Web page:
When Christopher Zegras started studying the way cities work, in the early 1990s, it wasn’t in a classroom, and he wasn’t pursuing a formal academic project. Instead, Zegras was a recent college graduate who had majored in economics and Spanish, and was trying to combine both of those interests in his first real job. As such, he had found a position in Santiago, the capital of Chile, working in finance.
“Chile had been going through its re-emergence as a democracy, and I wanted to see what that was like,” Zegras says.
While extreme concentrations of poor racial minorities, briefly `rediscovered' as a social problem by media in the wake of Hurricane Katrina, declined significantly in the 1990s, no research has determined whether the trend reduced exposure to poor neighbourhoods over time or changed racial gaps in exposure. Yet most hypotheses about the social and economic risks of distressed neighbourhoods hinge on such exposure.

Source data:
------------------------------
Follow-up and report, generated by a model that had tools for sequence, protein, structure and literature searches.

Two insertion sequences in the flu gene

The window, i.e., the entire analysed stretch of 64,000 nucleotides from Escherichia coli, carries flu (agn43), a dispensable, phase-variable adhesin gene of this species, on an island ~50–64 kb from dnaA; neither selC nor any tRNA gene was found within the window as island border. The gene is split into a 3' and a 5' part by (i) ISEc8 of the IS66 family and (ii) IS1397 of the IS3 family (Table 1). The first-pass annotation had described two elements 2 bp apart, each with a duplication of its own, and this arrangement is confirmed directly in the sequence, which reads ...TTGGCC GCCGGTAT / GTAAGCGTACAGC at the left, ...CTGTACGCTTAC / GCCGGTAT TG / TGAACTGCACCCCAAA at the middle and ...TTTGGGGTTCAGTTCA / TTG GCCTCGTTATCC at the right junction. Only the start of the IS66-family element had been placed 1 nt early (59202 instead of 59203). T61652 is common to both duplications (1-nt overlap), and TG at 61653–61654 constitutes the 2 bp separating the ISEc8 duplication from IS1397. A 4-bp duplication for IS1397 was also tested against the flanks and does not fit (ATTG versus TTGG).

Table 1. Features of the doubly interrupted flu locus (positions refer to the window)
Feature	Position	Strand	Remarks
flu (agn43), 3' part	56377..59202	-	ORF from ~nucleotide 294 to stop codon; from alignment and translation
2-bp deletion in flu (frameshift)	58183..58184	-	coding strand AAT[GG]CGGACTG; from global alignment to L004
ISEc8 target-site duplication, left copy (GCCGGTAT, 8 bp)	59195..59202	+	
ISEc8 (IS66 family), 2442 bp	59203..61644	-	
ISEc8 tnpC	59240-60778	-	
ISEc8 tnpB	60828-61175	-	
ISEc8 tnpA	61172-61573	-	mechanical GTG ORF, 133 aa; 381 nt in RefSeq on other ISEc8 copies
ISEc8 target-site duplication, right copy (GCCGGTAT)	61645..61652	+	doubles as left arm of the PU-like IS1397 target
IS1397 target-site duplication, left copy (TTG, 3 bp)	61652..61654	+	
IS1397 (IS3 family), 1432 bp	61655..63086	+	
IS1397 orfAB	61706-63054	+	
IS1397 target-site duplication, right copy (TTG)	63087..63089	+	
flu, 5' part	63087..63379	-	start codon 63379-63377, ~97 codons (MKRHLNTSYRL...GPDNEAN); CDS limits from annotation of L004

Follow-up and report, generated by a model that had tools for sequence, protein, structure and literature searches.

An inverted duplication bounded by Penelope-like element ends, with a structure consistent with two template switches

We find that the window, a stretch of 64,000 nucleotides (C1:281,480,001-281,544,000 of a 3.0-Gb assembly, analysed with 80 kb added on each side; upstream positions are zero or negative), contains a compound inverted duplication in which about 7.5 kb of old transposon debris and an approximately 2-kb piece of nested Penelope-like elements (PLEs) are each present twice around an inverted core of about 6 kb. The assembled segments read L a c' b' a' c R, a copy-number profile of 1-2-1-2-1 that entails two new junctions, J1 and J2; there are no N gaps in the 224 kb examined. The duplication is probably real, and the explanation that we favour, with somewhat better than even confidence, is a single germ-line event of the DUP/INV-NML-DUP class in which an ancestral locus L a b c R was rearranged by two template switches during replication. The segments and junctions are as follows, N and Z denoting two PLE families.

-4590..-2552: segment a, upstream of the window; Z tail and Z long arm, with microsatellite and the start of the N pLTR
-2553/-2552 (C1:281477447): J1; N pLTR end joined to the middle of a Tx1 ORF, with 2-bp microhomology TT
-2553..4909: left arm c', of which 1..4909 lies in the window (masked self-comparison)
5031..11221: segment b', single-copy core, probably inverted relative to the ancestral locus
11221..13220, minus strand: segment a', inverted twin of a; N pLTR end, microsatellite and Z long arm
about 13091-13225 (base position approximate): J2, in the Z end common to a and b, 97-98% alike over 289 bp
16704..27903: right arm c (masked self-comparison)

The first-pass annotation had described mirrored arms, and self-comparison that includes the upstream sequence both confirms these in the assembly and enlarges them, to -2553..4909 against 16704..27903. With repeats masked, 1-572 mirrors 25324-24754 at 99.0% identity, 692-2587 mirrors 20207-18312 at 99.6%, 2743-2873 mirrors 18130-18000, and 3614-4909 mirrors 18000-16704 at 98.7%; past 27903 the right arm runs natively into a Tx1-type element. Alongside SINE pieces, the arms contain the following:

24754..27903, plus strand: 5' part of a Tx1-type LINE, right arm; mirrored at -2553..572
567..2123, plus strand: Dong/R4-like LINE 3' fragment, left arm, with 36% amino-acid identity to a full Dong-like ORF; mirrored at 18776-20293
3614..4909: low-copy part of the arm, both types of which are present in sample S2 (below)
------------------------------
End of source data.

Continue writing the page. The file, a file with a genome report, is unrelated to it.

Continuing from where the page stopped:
ReNew Town puts forth an innovative vision of performative design and planning for low-carbon sustainable development, and illustrates practicable strategies for balancing environmental systems with urban infrastructure and new housing prototypes.